When Gabriella Prettelt first began bartending about eight years ago, the only patrons who ordered non-alcoholic beer were older adults.
“You wouldn’t catch anyone early 20s drinking it,” said Prettelt, whose bartending gig supplements her day job as a dietitian. “Now, I definitely see it way more in the younger crowd.”
The popularity of non-alcoholic beer has soared in recent years as more Americans – particularly millennials – have sought to reduce, or eliminate, their alcohol consumption. Non-alcoholic beer sales rose 39% in 2019 and another 38% in 2020, hitting $188 million, according to market researcher IRI.
And consumers are no longer limited to the likes of O’Doul’s.
A nascent craft scene is headed by The Athletic Brewing Co., a Connecticut-based company founded in 2018 with the intention of producing great tasting, non-alcoholic beer. The company offers four beers, including two IPAs, and holds 46% of the U.S. market for non-alcoholic craft beers, according to the Boston Globe.
But major brewing companies are sensing an opportunity, too: Boston Beer Co., makers of Sam Adams and Dogfish Head beers, released its first non-alcoholic offering, Just The Haze, in March. Anheuser-Busch not only tapped former NBA star Dwyane Wade to plug Budweiser Zero, but reportedly plans to have non-alcoholic and low-alcohol beers comprise 20% of its overall beer portfolio.
Many non-alcoholic beers have been marketed as an option for health-conscience people who enjoy the taste of beer, but don’t want the aftereffects of alcohol.
Nutritionists vouch for the products’ role in reducing alcohol consumption, but they stop well short of describing it as a healthy drink. Rather, they view it as an occasional pleasure and caution consumers against buying into the myriad claims about its nutritional benefits.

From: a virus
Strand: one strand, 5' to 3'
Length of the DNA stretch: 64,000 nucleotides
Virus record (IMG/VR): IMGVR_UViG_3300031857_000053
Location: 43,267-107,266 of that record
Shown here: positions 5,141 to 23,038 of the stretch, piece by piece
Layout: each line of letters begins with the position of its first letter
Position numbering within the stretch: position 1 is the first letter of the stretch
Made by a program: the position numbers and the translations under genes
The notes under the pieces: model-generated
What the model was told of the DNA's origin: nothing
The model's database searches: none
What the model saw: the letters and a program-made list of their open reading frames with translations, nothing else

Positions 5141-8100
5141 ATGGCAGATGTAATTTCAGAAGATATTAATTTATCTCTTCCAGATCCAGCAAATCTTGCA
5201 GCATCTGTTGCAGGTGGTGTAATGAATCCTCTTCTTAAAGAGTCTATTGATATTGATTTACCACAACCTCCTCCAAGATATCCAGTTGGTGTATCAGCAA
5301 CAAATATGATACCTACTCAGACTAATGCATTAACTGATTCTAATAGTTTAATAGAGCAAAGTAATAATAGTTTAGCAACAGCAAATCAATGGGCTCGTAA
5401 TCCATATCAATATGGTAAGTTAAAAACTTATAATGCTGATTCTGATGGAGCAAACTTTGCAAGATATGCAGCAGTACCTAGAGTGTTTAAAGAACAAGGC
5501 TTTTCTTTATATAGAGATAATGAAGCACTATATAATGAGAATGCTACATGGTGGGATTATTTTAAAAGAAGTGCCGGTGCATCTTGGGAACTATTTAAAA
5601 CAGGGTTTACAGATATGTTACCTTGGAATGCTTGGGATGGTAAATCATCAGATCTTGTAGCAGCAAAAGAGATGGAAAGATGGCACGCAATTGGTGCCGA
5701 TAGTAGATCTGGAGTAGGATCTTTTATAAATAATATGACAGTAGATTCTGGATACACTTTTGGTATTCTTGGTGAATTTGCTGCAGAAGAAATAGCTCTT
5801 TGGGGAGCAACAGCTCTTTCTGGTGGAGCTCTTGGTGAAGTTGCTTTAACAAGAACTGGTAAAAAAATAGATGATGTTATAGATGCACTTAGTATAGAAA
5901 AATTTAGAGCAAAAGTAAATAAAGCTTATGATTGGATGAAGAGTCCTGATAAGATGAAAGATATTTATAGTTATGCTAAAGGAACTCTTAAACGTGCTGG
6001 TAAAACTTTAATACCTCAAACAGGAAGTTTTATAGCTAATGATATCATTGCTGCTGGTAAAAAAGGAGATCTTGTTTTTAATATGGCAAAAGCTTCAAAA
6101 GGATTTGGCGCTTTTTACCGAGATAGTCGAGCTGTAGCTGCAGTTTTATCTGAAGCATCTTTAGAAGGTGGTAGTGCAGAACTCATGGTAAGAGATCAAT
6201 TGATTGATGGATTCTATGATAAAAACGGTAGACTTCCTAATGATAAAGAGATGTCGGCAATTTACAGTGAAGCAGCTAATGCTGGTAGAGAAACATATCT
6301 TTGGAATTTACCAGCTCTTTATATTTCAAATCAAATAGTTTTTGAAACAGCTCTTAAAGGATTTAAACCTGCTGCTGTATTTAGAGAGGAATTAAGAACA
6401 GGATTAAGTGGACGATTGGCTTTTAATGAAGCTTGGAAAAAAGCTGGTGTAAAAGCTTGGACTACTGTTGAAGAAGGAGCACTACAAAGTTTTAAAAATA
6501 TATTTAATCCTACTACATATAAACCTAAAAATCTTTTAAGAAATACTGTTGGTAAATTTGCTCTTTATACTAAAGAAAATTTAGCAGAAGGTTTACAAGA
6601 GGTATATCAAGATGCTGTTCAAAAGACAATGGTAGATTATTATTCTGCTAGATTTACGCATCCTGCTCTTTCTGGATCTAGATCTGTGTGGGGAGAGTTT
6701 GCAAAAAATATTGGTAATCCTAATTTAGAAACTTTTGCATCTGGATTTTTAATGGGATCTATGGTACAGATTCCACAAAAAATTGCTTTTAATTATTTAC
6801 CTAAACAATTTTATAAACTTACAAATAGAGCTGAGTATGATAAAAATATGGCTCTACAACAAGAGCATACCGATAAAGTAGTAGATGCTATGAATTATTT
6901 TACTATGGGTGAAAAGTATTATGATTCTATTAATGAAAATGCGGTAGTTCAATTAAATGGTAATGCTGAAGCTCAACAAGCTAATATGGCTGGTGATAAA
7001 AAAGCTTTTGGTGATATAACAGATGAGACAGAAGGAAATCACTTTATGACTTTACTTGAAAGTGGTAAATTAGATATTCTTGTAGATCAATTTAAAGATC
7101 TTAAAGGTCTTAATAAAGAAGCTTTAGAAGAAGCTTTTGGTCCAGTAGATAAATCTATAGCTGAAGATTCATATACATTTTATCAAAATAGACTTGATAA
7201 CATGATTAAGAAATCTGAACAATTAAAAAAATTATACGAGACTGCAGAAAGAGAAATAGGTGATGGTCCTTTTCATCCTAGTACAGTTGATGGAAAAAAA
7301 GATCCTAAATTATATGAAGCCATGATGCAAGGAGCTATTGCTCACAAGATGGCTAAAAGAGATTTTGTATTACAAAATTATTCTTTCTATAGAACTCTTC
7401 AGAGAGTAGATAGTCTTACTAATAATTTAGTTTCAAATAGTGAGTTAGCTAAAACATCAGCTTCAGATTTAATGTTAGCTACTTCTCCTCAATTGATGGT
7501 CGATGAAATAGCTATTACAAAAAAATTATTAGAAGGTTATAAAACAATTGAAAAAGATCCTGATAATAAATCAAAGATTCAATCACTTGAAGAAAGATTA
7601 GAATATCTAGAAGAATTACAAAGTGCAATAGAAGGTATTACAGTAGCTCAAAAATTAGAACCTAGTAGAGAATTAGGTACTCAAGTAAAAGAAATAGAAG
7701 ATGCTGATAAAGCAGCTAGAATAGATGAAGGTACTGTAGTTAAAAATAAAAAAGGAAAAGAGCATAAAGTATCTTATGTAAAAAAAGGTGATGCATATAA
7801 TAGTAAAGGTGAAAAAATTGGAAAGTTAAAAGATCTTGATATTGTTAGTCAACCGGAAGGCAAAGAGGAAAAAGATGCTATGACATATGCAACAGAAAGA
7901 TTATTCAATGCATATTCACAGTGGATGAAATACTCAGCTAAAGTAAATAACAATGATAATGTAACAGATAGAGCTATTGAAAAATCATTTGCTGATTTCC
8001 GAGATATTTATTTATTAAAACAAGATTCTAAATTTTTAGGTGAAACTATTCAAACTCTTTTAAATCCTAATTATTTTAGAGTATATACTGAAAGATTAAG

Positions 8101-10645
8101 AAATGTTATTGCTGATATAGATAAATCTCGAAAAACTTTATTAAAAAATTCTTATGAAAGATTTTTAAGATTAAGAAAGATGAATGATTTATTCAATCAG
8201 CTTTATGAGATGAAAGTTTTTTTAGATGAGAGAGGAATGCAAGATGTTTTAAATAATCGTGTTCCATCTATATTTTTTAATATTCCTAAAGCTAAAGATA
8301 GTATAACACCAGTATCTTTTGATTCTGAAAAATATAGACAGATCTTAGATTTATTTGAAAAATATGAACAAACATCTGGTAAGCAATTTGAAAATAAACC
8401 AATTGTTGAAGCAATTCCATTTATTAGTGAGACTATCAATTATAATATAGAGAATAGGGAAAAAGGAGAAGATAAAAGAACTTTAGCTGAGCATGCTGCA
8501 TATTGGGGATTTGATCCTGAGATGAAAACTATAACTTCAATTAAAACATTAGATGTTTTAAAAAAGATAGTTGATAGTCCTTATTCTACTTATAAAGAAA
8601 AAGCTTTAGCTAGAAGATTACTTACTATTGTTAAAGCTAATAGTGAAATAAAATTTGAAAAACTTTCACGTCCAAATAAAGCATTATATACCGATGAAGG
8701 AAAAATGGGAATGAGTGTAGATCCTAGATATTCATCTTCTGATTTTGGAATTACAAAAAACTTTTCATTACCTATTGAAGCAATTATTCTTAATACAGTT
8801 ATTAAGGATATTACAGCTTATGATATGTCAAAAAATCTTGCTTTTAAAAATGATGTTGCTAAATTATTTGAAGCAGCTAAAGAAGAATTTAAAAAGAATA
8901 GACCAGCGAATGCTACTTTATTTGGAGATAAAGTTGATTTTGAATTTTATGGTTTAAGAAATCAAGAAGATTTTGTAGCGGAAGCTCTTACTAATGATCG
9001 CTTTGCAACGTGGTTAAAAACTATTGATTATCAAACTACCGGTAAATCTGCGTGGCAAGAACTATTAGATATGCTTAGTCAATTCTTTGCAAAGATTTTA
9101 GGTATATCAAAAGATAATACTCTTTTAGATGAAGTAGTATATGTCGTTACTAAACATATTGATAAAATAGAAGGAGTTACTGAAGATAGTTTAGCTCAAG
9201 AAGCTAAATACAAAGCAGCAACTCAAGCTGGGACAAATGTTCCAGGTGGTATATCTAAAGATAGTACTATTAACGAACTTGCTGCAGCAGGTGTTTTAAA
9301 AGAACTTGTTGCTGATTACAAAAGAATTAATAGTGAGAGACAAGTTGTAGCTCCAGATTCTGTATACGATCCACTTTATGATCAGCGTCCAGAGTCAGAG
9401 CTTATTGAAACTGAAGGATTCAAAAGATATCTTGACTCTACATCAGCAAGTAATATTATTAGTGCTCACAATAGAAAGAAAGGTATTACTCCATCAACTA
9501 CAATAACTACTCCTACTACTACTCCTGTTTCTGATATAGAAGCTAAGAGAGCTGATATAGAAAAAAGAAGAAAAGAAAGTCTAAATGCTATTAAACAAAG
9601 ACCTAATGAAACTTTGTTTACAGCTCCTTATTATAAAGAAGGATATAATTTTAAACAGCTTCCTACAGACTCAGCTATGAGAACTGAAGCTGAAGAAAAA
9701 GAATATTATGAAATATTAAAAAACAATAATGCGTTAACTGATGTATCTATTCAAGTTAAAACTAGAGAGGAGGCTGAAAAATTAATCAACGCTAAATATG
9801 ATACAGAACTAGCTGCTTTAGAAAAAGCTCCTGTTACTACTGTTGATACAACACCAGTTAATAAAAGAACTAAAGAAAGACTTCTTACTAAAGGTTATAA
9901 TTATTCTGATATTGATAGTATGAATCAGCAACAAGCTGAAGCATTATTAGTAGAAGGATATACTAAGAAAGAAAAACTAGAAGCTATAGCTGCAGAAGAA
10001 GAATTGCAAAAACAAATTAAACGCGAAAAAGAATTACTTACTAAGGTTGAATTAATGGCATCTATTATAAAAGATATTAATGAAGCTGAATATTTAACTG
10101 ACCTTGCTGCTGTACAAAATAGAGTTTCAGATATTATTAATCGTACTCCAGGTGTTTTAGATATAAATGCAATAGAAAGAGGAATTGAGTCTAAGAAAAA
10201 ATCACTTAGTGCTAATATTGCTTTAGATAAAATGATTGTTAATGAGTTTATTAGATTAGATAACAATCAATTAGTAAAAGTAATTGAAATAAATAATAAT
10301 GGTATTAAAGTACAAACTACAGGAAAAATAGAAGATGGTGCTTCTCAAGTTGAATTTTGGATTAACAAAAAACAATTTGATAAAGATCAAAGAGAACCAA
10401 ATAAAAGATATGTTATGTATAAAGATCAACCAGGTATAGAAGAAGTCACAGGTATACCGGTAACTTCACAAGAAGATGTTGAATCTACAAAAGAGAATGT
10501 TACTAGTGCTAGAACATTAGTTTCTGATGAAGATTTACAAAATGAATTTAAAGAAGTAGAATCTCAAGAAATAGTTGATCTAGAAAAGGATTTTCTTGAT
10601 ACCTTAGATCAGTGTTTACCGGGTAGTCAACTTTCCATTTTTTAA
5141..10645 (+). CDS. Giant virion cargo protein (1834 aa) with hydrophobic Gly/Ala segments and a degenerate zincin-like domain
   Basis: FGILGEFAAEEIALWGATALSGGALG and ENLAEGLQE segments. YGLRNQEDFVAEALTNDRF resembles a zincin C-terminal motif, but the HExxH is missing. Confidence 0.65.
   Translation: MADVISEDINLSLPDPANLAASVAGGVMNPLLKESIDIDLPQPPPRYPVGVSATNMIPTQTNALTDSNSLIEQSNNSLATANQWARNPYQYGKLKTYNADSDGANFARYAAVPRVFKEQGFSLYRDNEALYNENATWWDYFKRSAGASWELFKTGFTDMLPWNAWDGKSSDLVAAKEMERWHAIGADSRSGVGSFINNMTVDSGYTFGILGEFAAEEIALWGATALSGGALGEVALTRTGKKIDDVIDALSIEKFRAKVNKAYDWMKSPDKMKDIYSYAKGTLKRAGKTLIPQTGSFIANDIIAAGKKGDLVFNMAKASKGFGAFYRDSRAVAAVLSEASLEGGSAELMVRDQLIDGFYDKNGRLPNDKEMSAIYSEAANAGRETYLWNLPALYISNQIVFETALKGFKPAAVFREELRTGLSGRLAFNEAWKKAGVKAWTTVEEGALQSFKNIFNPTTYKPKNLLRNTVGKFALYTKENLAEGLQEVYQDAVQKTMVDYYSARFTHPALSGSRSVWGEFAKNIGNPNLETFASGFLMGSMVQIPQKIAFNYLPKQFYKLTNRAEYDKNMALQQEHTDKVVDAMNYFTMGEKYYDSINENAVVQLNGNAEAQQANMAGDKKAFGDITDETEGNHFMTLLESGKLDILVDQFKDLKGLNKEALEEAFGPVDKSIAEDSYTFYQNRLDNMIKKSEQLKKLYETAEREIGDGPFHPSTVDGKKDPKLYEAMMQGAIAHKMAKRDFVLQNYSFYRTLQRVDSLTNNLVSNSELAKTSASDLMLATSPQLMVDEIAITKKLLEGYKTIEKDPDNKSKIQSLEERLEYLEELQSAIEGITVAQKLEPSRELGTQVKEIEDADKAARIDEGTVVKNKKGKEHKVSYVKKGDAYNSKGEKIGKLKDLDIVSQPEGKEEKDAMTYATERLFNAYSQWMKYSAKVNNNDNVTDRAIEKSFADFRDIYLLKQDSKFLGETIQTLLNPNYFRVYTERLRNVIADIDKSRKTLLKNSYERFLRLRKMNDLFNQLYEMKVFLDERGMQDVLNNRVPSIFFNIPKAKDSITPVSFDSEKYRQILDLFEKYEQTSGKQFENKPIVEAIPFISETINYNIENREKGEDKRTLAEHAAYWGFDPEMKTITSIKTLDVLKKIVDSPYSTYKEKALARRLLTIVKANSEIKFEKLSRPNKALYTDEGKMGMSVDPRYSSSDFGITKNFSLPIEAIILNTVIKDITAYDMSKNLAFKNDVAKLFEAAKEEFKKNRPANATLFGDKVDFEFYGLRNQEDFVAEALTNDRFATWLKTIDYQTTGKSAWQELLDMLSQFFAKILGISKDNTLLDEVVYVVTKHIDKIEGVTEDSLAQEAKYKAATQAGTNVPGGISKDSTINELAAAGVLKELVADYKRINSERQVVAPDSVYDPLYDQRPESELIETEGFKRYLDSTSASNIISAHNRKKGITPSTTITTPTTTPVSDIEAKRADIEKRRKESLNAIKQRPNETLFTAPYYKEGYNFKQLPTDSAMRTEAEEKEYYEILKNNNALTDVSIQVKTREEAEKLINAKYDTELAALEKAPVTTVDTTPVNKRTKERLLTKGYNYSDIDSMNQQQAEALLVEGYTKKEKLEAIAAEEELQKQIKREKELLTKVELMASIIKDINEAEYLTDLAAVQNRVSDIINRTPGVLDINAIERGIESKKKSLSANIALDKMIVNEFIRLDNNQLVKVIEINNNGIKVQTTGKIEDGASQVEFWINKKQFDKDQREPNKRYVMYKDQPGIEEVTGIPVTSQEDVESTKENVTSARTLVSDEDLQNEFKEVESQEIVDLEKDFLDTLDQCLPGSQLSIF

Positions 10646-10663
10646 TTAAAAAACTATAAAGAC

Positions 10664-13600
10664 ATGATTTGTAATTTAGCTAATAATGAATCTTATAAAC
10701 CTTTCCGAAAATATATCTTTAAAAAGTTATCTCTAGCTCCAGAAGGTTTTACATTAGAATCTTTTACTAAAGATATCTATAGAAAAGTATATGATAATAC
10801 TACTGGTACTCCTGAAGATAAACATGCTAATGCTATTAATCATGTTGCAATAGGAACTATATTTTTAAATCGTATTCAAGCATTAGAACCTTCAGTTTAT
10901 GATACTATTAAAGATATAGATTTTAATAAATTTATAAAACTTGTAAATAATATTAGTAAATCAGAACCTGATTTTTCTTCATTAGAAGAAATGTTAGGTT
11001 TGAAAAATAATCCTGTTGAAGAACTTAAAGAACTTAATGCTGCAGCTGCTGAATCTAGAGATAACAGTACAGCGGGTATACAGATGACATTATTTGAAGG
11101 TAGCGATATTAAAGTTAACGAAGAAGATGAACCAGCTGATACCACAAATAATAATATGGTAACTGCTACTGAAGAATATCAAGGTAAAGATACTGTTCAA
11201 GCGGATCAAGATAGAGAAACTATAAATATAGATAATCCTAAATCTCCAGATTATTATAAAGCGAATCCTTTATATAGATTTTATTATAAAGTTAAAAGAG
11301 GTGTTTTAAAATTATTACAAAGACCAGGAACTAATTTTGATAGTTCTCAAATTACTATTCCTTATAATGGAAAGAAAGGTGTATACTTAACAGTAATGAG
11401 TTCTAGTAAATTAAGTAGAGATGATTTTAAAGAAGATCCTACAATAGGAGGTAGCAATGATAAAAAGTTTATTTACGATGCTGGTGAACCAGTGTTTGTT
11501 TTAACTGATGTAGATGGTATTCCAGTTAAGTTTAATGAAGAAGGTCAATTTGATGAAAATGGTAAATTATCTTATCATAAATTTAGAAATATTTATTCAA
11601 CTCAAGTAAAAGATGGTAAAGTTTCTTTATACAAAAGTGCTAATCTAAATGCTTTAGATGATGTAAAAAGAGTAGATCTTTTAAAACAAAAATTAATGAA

“I do think this is a good idea if you want to cut back, or as a stepping stone on your way to a sober lifestyle,” said Prettelt, a registered dietitian in the Department of Surgery at Cooper University Healthcare. “But nutritionally, it’s not like not drinking, because there are calories, carbs and all of those things involved.”
Most regular beers have anywhere from 145-175 calories, with some craft brews – particularly IPAs – topping 200 calories. Light beers contain 95-120 calories. The caloric content of non-alcoholic beers ranges from about 60-120. But they tend to pack nearly as many, and sometimes more, carbohydrates than regular beers.
The chart below provides a comparison of several regular, light and non-alcoholic beers. All figures are based on a 12-ounce serving:
Nutritionists advise people to keep their health goals in mind when they’re enjoying a night out. If they’re simply seeking to reduce their alcohol consumption, non-alcoholic beverages can play a role. But if they’re taking a more holistic health approach, they should be mindful of whatever they drink.
“What the non-alcoholic beer will do – it will prevent that alcohol feeling, that getting drunk feeling,” said Emily Rubin, director of clinical dietetics at Thomas Jefferson University Hospital. “So it will be better for that situation, if you don’t want to get quote-unquote drunk. And you look socially like you have a drink.”
It also indirectly may help prevent people from consuming additional calories. Research suggests that alcohol blocks hormones tied to satiety, the sense of feeling full, and it may stimulate nerve cells in the brain that increase appetite, which helps explain why people get the munchies after a night of drinking.